Walk Every Path

Sometimes even your local patch can offer up surprises. All you need is a map with your name on it...

Even home turf can through up some adventurous surprises. Photo: Tom Bailey

Explorer. The word conjures up a picture of frostbitten toes on Arctic wastes, of sweaty brows on desert plains, of nervous fingertips clinging to a precipice, but for many of us there is an unknown world right outside our door. I’m guessing – hoping – that I’m not the only walker to have trekked far from home, yet sadly ignored the countryside at my front step. I know more about the routes up Snowdon or New Zealand’s Milford Track than about a footpath a mile from my house.

If you like the sound of this, all you need is one of these with your name on it.

And so the Walk Every Path project was hatched. The idea was simple: to explore every Right of Way on an Ordnance Survey map, a custom-made, aptly-named Explorer with my house at its centre. When the map plonked through my door, I couldn’t wait to unfold it: every centimetre of green-dash path and bridleway on the paper representing 250m of ground I would explore. I’d walked some already – almost worn a groove on a four-mile loop through my local woods – but the fields, forests, villages and rivers beyond were a world unknown.

I began walking the map last winter, as the nights drew in and I was loath to spend the day driving a hundred miles to my nearest national park in time for dusk. The map extended 10km to north, south, east and west and the furthest corner was just 14km from my village, a tiny place between Peterborough (home of Country Walking) and Corby.

It’s not the sort of landscape you find celebrated on decorative tablemats, and it’s not the sort that makes people coo ‘wow’ at first sight. Yet I soon found interesting places, even a couple that attracted tourists by the busload. I walked to the oak-leaf symbol of the National Trust and saw the unfinished Elizabethan summerhouse of Lyveden New Bield, ventured to the blue bird that marks a nature reserve and explored the ancient woodlands of the Bedford Purlieus, and strolled to the tankard symbol of the King’s Arms in Polebrook and discovered its delicious paella.

And I liked how the world around me started to fit together. A single walk can sometimes give just a quick sketch of a place, but these footpaths gradually built into an intricate painting, each expedition adding colour and texture to the picture. I started to warm to the gentle Northamptonshire countryside, to appreciate the beauty of the quiet farms and amber-stoned villages and patches of woodland, the church steeples and towers that added verticals to the lightly contoured fields.

And with no epic sweep of rugged panorama to draw my eye, I began to notice the scenery close up, to pause and admire the curling bloom of a single English bluebell, watch the twinkling scissor wings of a dragonfly, sit on a log and listen to the ocean sigh of the breeze in the pines and the clatter of squirrel claws racing along branches.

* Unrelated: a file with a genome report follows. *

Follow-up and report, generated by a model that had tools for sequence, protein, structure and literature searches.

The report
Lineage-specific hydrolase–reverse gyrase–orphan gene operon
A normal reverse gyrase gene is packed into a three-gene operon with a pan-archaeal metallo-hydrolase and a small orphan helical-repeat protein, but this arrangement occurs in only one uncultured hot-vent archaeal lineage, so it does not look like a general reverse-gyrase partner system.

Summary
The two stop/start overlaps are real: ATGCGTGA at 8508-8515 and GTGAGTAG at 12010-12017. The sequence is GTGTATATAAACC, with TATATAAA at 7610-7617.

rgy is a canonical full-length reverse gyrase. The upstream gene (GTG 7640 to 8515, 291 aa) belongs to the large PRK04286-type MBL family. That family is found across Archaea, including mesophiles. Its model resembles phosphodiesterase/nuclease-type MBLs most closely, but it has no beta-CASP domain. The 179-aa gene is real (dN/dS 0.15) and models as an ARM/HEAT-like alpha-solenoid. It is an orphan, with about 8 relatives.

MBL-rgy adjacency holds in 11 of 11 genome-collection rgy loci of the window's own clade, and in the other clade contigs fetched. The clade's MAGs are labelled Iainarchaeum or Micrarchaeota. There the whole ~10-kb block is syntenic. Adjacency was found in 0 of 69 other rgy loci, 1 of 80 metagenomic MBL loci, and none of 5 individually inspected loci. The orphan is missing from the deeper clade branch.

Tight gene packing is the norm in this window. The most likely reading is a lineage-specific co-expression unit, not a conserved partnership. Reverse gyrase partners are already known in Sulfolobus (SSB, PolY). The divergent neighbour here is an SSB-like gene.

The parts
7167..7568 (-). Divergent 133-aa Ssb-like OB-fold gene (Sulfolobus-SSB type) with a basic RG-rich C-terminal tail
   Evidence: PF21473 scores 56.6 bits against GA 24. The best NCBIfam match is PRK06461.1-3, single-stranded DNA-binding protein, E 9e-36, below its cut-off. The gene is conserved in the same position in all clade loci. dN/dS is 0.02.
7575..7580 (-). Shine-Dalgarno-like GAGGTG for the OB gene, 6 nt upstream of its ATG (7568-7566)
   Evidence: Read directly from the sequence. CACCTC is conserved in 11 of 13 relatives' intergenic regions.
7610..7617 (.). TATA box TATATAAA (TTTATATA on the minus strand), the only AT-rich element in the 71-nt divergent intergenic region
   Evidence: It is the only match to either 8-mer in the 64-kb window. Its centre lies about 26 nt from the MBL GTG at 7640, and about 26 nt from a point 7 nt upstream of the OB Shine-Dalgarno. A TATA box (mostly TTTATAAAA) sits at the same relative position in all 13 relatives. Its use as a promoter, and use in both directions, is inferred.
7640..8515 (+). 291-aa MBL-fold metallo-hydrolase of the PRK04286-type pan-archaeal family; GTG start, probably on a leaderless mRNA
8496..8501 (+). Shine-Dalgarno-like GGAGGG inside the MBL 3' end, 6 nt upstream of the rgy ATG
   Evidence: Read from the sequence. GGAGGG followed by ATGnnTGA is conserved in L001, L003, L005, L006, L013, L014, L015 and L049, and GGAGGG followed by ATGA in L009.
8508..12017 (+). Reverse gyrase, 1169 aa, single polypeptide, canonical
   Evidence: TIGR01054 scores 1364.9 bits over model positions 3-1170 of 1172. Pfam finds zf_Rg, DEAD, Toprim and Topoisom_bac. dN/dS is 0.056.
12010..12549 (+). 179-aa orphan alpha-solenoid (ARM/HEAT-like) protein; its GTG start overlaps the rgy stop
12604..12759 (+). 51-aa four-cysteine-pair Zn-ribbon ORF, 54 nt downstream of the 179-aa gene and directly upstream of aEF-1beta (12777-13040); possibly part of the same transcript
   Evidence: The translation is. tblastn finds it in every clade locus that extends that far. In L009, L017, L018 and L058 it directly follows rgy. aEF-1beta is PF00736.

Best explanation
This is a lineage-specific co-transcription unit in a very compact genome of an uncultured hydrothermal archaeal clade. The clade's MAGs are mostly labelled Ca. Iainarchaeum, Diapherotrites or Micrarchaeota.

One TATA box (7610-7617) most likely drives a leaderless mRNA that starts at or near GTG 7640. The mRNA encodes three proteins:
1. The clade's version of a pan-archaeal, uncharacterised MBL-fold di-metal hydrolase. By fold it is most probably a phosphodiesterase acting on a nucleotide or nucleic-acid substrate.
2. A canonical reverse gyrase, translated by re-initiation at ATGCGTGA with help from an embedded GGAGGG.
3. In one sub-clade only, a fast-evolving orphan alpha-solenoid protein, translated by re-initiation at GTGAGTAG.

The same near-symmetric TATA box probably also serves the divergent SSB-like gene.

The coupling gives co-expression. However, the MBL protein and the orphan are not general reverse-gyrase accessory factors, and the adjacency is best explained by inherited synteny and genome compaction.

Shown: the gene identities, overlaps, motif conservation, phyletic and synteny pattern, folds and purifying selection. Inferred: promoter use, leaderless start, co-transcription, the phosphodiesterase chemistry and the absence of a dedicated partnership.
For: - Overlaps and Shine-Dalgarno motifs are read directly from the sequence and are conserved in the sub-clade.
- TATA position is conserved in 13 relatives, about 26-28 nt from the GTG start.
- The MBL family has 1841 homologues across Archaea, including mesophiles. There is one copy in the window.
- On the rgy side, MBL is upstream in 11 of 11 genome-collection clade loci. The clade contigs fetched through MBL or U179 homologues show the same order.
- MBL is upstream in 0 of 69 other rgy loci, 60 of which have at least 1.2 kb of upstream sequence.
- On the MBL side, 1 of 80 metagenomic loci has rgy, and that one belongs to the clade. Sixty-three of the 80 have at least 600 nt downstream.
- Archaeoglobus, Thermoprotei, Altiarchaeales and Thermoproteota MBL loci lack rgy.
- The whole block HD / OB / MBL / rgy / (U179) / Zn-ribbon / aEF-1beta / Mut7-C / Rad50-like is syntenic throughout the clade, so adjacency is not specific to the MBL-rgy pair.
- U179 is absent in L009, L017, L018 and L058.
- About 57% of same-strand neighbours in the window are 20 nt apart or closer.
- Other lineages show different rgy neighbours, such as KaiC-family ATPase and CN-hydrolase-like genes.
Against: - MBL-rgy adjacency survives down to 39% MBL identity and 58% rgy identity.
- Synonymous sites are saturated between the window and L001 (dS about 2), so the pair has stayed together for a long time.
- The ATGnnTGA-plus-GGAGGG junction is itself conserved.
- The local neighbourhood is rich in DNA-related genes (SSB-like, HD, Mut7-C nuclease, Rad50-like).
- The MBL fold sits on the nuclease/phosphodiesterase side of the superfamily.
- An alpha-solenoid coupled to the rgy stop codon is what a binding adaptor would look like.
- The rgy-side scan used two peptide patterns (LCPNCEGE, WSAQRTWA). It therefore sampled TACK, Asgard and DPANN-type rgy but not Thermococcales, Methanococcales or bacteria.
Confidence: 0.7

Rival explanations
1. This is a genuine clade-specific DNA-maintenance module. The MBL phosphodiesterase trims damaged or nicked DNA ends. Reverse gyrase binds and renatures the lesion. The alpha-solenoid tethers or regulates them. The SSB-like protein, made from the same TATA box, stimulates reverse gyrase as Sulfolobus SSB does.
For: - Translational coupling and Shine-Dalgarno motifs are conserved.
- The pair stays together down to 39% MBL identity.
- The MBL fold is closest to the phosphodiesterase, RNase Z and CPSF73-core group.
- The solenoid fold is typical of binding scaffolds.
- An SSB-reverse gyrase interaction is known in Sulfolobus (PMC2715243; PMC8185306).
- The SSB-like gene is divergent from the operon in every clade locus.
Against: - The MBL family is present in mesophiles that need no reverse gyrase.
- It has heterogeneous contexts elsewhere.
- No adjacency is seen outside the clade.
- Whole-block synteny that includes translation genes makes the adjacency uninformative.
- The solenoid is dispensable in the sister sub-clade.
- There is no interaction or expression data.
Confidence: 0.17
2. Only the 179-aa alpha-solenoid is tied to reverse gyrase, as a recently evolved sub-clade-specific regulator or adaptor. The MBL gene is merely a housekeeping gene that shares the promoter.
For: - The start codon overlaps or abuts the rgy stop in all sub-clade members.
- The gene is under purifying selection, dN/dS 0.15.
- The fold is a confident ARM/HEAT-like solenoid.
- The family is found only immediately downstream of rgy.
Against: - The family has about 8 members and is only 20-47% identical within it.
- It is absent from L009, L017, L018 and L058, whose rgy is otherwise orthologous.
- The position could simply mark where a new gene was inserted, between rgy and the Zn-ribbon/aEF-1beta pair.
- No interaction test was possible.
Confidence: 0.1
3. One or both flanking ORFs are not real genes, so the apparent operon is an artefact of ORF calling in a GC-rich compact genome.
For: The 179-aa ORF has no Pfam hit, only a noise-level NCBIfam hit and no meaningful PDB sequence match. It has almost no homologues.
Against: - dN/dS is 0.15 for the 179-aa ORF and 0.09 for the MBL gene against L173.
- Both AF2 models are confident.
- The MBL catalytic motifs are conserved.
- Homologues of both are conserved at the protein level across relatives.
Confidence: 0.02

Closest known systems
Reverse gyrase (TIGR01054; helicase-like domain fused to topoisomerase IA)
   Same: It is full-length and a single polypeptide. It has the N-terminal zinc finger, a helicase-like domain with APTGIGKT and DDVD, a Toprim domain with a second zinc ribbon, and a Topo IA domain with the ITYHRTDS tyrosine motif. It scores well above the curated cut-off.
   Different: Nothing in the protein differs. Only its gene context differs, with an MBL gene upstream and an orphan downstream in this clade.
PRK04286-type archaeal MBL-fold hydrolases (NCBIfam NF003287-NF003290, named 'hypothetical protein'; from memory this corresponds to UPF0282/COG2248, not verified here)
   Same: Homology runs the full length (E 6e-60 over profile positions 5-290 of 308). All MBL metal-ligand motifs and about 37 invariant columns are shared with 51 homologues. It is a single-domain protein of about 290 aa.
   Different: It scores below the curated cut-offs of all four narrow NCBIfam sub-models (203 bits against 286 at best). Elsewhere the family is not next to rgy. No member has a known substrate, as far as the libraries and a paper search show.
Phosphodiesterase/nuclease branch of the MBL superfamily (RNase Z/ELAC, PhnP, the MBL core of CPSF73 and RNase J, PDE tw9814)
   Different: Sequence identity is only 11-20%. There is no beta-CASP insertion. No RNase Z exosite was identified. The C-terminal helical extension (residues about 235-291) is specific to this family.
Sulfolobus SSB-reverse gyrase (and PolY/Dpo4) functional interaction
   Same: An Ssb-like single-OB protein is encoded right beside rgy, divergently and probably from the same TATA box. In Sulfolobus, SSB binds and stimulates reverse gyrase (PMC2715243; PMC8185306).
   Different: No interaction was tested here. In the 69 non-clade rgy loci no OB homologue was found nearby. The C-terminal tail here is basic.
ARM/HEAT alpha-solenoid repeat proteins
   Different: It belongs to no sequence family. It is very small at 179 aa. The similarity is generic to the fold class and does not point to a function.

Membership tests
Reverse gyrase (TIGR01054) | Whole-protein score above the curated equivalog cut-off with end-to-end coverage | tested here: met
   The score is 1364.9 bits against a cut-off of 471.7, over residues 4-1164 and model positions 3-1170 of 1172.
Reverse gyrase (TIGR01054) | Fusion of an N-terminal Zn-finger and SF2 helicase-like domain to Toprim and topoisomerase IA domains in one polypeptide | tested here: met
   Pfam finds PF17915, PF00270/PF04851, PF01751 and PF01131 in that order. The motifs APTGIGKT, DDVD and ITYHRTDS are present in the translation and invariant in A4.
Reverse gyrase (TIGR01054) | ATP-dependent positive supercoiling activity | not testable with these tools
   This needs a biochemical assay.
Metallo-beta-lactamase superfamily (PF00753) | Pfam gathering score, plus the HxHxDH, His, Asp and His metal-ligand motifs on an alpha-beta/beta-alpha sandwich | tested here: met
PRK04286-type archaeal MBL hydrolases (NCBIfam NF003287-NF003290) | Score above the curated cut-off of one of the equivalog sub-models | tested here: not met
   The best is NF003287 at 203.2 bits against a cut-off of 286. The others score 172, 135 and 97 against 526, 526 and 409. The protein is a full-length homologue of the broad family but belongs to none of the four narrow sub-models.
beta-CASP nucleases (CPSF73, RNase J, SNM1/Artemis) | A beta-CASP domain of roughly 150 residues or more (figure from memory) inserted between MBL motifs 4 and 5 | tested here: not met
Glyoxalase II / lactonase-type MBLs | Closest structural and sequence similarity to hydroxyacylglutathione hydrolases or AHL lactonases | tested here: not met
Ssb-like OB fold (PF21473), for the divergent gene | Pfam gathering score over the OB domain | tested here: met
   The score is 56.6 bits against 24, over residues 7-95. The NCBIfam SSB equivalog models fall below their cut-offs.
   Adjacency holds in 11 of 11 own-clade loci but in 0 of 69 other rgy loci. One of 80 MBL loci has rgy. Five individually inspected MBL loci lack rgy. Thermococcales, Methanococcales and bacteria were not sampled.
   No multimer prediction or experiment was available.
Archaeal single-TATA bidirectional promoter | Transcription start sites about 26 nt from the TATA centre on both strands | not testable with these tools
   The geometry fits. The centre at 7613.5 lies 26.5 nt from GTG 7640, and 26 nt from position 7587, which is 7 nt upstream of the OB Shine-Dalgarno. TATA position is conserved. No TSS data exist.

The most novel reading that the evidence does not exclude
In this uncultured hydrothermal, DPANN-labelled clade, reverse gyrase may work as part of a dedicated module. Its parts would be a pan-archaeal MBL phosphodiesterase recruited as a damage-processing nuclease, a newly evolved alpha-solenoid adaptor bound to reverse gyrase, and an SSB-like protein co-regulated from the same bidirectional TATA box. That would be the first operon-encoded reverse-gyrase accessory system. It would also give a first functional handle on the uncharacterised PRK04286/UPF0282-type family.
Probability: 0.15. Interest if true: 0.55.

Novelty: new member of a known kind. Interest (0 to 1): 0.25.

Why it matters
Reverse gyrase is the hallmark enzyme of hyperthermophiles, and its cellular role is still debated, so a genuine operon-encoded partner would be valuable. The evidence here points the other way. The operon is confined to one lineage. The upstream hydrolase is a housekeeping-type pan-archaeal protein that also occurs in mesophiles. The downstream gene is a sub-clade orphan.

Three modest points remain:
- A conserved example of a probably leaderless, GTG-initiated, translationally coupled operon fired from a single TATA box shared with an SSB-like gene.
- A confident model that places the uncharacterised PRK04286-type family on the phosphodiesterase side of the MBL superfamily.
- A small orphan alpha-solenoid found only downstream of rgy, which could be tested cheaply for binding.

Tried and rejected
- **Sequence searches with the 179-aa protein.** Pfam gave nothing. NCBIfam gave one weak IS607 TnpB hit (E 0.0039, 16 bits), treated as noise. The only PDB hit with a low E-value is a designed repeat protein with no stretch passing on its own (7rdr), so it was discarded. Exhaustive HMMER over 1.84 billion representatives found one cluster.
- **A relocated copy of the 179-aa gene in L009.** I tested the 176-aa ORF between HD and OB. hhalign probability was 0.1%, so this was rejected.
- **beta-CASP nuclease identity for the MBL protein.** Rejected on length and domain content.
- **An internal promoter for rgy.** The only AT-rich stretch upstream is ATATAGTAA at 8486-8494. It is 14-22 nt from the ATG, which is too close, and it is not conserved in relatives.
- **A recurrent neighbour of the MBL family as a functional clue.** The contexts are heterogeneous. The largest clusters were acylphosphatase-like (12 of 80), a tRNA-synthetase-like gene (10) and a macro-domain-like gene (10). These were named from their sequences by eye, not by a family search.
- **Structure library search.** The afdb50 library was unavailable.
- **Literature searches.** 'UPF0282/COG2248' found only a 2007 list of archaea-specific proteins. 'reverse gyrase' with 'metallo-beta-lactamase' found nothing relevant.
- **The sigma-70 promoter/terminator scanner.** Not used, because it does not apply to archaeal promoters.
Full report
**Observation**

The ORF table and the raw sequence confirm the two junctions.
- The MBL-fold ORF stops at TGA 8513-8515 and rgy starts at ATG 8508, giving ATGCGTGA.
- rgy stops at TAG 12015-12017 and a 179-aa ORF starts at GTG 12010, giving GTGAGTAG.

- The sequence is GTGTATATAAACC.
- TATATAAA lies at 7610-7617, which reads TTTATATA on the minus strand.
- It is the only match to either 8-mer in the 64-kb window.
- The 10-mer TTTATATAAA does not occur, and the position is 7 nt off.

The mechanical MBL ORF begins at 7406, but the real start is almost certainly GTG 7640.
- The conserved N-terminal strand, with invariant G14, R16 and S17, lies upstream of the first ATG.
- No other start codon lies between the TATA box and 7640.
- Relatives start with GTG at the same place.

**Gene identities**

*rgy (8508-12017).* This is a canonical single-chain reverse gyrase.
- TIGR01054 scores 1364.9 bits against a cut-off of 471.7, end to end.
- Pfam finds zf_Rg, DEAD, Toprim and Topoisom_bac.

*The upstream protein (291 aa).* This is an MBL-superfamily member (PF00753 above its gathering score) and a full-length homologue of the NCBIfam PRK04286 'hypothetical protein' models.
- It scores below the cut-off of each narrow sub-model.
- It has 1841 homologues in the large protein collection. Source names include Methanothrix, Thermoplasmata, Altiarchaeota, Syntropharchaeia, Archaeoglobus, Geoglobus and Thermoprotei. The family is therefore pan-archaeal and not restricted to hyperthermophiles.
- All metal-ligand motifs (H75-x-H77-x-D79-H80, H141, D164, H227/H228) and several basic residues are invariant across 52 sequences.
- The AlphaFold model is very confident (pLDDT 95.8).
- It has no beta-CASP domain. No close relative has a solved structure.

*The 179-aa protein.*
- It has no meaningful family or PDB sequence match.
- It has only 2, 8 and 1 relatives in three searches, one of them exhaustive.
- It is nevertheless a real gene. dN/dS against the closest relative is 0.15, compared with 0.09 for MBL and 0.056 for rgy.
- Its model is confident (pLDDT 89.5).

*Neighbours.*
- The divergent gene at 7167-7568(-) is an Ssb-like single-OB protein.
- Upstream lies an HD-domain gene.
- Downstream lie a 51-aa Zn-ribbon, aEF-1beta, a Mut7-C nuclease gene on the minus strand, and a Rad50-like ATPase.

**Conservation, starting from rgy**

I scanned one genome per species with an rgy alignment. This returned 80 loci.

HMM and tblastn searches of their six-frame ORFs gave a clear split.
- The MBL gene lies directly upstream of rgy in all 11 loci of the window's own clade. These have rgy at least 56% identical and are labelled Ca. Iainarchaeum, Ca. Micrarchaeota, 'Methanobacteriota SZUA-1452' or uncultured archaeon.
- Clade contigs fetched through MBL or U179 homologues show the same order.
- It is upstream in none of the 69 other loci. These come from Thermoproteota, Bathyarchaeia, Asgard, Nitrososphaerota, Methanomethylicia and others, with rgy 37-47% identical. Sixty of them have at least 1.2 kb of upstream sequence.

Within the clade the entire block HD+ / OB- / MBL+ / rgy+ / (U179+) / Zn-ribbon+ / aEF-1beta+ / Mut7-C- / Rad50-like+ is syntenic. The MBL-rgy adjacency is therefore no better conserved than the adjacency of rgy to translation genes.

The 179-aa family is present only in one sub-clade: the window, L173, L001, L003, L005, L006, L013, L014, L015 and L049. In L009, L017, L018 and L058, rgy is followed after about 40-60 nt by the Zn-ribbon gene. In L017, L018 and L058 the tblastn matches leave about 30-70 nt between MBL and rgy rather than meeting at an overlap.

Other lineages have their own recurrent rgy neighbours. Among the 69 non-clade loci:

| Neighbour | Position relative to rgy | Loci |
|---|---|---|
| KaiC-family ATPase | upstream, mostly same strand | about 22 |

It wasn’t all happy wandering, though. I got lost. I was chased by dogs. I screamed my throat hoarse with rage on a summer stroll of impenetrable stinging nettles, broken stiles, fields of tetchy bulls, and footpaths that drowned in reedbeds.

Each time I made it home I’d indulge my inner geek and wield my lime-green highlighter pen, merrily marking off the paths I’d walked. After a while, I started crossing off grid squares where I’d explored every path and that’s when the scale of the project really dawned. I’d walked for many, many happy hours, and had only completed half of my map’s four hundred squares.

It was a reminder of the grand scale of our rights of way network, the miles of footpath that wander from village to village across the whole of the country. Close study also revealed the randomness of some of those paths, strange snippets of walkway that possibly once had a point but now link nothing to nowhere. To properly finish this challenge I’ll have to spend a day in the car, parking up on a verge and ticking off bits of path that lead 43 metres to the middle of a field and stop.

I started in winter but the project has kept me out exploring all year, walking this patch of England through all the seasons. I was overjoyed when the waterlogged chilliness burst into the bright shades of an early spring and I heard a nightingale singing in the woods. I watched the summer greens turn gold and listened to the wheat pop in the sunshine as I walked through ripening crops. In autumn, I heard the brooks burble back into rain-fed life, and saw ploughed and sprouting fields rippled like shot velvet, before that soft rain glued footballs of mud to my boot soles.

This Walk Every Path project will keep me going into next year too, and with a new custom-made map in my hand. My hailed-on, dropped-in-muck, hurled-into-brambles-in-anger original started to look a bit ragged, and then one day I walked across a field and happened across a lake – a lake – that wasn’t on it. It was proof that the landscape is always changing and that I needed an up-to-date map.

And every walk feels like it forges a new link between me and the land, building knowledge and memories that make it feel like my home. I can picture the path across the fields to the River Nene, identify the best spot to watch lapwings skydancing in spring, and I know where to find the best slice of cake on the map (The Old Barn in Wadenhoe, if you’re interested). And unlike the Munros, the Wainwrights, the Corbetts or Marilyns, this is a challenge on the doorstep of every walker. Just one map and the world at your doorstep is yours to explore.

Start your own adventure

Order your own Ordnance Survey Custom-Made Map with your house
at its heart – click on www.ordnancesurvey.co.uk, enter your home postcode, add a map title and a photo, and begin walking every path (£16.99, including free delivery).